Write Faster With WordPress’ Shortcodes

WordPress has many somewhat hidden features and one of my favourites are shortcodes. In this post we’ll learn exactly what they are, when to use them, why they’re so brilliant and how to use them.

Shortcodes. What are they?

In a nutshell, shortcodes are shortcuts of writing phrases or words. Here’s an example. On [wp] whenever I write [wp] it always links to the homepage. That’s because I’ve set up a shortcode so all I have to do is type [wp] and WordPress outputs <a href="https://wpshout.com">WPShout</a>.

Another example – if I type [themes] WordPress outputs <a href="https://wpshout.com/category/themes/">WordPress Themes</a>. This allows me to quickly cross promote other sections of the site and link to other pages with minimal effort on my part. I do use them quite a lot – why not [f] or [s]? All I’m typing is [f] and [s ].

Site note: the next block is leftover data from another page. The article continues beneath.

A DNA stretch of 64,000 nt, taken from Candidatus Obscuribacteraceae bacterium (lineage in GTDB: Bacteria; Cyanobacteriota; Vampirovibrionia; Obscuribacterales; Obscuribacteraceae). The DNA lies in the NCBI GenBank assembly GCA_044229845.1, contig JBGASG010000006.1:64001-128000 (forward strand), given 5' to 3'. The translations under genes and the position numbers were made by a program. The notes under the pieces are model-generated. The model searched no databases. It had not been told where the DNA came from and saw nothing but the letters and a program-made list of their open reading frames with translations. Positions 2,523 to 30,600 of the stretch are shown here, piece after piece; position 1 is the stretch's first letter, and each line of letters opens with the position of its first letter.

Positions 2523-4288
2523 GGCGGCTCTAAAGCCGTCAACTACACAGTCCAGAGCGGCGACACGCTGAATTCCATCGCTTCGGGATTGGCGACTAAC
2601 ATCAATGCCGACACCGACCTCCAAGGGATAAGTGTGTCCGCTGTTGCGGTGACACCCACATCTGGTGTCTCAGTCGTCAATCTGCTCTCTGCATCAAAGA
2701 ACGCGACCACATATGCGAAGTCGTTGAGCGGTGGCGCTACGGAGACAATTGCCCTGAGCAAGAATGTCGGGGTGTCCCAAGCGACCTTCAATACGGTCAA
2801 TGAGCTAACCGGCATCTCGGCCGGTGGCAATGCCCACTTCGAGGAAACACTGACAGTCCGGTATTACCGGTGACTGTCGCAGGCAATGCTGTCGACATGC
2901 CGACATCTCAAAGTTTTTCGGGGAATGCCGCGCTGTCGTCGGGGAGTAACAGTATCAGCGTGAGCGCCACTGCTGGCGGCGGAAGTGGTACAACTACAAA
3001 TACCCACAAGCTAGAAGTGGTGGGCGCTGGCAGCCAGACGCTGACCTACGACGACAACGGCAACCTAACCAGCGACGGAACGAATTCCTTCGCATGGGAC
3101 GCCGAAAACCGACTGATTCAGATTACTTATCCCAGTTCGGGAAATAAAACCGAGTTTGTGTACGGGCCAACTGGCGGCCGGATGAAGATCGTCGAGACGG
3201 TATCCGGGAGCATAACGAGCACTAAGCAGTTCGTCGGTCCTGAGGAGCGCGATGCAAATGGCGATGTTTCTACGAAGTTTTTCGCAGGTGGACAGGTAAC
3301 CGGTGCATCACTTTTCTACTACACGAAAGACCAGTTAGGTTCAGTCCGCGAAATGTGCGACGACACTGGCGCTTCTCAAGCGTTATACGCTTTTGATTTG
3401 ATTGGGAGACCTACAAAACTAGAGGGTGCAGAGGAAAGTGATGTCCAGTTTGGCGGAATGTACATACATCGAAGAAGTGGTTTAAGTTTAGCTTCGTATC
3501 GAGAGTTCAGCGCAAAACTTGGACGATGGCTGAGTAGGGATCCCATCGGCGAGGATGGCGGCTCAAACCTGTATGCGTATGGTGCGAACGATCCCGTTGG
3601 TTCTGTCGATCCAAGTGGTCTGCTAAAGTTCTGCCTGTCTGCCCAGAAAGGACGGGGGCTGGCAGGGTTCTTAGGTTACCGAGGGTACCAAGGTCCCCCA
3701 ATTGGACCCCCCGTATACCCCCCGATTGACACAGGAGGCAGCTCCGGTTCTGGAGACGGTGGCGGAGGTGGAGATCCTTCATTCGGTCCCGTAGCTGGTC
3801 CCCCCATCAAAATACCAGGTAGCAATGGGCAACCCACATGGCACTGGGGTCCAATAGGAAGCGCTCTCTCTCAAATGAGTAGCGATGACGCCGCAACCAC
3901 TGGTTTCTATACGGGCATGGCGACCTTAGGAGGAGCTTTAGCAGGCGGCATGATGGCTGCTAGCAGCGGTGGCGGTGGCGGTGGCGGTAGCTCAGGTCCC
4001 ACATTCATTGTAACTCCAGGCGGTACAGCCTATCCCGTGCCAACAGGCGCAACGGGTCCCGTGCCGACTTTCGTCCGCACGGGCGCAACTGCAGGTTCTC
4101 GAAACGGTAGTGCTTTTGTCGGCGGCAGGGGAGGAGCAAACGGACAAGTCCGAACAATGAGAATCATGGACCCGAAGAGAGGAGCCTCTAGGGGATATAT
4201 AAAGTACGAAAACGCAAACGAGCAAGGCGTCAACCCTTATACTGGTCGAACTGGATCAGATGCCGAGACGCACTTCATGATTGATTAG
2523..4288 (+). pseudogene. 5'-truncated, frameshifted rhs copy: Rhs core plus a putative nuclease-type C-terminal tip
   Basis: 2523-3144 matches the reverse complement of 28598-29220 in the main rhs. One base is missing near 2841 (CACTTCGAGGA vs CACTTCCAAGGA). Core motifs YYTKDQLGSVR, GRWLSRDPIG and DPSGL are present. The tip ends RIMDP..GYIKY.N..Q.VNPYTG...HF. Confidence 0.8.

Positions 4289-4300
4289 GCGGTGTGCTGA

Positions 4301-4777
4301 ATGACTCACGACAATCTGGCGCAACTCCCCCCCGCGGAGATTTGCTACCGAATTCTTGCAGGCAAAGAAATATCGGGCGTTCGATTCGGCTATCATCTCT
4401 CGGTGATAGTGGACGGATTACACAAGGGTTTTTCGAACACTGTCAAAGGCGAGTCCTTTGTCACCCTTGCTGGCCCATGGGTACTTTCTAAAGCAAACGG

So how do I use them?

Now that you’re convinced shortcodes are the best thing since sliced bread, you’ll obviously want to know how to use these shortcodes. It’s really easy. First, you’ll need the functions.php file open. We’ll come back to that in a sec – first lets look at the [wp] example I showed earlier. In my functions.php file I’ve got the following:

function wpshout() {
    return '<a href="https://wpshout.com">WPShout</a>';
add_shortcode('wp', 'wpshout');

Which as we’ve seen outputs a link to WPShout.com. The important thing to learn from the example is the formatting: start off with a function, then return what we want to be displayed and then add the shortcode. The first needs to be what you want to shorten to and the second the same as the function. Another example – I want WordPress to output ‘cheese’ when I type [c]. Using the same formatting as the last example, you’d have:

function cheese() {
    return 'cheese';
add_shortcode('c', 'cheese');

So when should I use them?

All the time actually. They save an awful lot of time for useful little things. Enjoy!